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Special Schools

Five people in an educational setting.

Introduction

Special schools are for children and young people with complex and significant learning needs that cannot be met in the mainstream schools (meaning a school that all children can attend).

We are fully committed to inclusion and most children and young people with Special Educational Needs or Disabilities (SEND) will thrive in their mainstream school; however, a small number of children and young people with a significant range of needs, which cannot be met in a mainstream school, may be placed in a special school.

There are special school places for all school age groups, including primary and secondary and college. Some special schools are specialist in particular areas of educational needs and some are residential.

When to Consider a Special School for Your Child

Every child with SEND can expect support from all schools, not just in special schools, which is outlined in the Universally Available Provision. This may be a good place to start in deciding whether mainstream education or a special school would be more suitable for your child. You can find out more by visiting our page on SEND Support at School.

Please note: children and young people require an Education, Health and Care Plan (EHCP) to access a special school.

For further information on EHCPs, visit our page on Education, Health and Care Plans.

Parents and carers have a right to request a special school placement for their child if they feel it will be the most appropriate setting for them. This will be considered by the local authority and a decision made based on the child’s individual needs. If you believe your child would benefit from being in a specialist setting you should consider the following steps:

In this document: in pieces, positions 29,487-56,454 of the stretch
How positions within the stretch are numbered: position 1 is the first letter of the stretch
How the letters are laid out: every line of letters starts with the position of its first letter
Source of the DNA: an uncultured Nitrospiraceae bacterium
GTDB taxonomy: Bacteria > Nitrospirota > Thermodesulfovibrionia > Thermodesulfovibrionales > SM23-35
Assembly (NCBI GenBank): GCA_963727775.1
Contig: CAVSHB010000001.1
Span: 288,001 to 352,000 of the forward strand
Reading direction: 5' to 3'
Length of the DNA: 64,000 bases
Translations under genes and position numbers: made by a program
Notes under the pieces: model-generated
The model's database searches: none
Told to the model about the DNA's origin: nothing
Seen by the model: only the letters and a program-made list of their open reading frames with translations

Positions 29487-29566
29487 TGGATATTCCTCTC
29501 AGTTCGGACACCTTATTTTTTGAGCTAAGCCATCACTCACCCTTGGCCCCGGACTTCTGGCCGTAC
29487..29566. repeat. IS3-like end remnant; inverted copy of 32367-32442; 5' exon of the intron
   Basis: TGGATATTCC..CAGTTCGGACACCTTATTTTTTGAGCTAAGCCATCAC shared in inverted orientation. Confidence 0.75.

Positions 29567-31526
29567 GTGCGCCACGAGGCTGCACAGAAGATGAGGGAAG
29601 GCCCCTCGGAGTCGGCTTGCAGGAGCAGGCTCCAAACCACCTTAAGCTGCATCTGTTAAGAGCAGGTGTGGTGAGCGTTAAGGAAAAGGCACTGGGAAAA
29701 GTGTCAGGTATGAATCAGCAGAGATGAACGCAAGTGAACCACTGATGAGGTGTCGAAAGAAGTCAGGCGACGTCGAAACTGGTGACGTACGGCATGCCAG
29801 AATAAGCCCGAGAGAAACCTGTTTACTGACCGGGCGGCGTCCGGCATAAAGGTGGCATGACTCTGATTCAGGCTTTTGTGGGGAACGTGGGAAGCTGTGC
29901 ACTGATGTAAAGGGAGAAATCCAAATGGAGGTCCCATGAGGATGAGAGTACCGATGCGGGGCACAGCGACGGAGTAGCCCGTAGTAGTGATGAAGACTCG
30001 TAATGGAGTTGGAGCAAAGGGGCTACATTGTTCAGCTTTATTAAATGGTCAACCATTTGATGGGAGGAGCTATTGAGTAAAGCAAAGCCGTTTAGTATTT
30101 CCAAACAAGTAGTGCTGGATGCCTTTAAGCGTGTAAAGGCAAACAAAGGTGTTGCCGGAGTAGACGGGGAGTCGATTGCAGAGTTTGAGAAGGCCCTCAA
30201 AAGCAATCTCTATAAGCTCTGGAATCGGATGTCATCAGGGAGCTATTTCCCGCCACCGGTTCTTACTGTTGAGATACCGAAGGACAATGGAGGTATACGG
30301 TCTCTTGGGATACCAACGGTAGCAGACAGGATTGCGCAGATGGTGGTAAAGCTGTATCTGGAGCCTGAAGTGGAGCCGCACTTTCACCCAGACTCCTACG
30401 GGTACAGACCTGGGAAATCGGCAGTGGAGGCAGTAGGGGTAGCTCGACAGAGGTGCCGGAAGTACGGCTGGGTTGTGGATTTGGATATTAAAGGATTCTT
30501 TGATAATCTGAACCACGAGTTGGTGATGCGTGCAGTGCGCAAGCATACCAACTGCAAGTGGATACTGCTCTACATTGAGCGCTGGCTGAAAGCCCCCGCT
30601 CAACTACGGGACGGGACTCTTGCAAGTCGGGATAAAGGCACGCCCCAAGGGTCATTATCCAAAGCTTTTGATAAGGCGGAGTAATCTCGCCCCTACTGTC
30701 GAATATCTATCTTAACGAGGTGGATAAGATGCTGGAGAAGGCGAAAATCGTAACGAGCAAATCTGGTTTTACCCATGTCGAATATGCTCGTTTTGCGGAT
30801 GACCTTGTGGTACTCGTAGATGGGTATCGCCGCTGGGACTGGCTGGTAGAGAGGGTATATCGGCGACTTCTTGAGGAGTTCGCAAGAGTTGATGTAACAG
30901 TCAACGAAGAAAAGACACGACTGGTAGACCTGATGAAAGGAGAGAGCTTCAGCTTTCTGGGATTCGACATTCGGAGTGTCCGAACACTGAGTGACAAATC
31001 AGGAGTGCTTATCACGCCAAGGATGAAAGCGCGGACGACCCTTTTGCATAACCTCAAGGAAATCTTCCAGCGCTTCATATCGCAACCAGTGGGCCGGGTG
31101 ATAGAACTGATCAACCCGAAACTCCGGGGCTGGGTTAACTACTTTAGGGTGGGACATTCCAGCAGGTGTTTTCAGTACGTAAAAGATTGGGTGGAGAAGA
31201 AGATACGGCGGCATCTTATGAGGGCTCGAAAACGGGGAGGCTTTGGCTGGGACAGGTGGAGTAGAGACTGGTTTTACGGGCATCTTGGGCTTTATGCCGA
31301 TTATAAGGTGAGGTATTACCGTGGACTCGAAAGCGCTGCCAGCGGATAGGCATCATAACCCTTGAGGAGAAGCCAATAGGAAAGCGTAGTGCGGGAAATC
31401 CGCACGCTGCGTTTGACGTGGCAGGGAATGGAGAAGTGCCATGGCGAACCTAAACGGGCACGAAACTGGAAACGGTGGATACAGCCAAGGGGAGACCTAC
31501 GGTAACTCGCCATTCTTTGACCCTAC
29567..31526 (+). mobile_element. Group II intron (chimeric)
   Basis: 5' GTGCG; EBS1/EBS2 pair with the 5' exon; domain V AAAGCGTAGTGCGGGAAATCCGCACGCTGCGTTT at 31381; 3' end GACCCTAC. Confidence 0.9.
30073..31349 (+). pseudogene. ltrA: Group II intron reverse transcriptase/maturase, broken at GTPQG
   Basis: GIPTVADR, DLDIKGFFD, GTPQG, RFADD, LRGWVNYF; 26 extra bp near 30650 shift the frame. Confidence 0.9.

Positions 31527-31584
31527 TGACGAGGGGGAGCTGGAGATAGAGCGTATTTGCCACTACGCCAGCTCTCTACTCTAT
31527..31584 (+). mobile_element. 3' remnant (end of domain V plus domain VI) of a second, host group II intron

Reasons you may decide that mainstream education is best for your child:

Reasons you may decide a special school is best for your child:

The Types of Special School

While all Special Schools offer teaching to children with significant needs, there are differences in how they are funded and who manages them. Special schools are either:

Section 41 of The Children and Families Act 2014 distinguishes between two types of Independent special schools:

All these types of special school are available in East Sussex and in the first instance the Local Authority will explore options in the schools where the Local Authority control admissions.

See the Special Schools in East Sussex Area section below, to find out more about Special Schools and Schools with Special Facilities around East Sussex.

Two people talking on a sofa.

Choosing Special Schools in EHCP Process

During the process of nominating a school, the parent or carer, and child or young person have a right to name any special school they feel is suitable.

East Sussex County Council will follow the procedure of assessing the viability of the school nominated using guidance given in the Children And Families Act 2014. This will include consultation with the nominated school, or the local authority the school resides in if out of area.

East Sussex County Council will secure a place in the nominated school unless (paraphrasing Section 39 of the Children and Families Act 2014):

For more detail on this, read section 39 of the Children and Families Act 2014.


Scope provide guidance and information on choosing a special school for your child.

Special Schools in East Sussex Area

Mainstream Schools, Specialist Facilities, and Special Schools

We are fully committed to inclusion and most children and young people with SEND will thrive in their mainstream school. This is a school that provides education for all children, whether or not they have special educational needs or disabilities.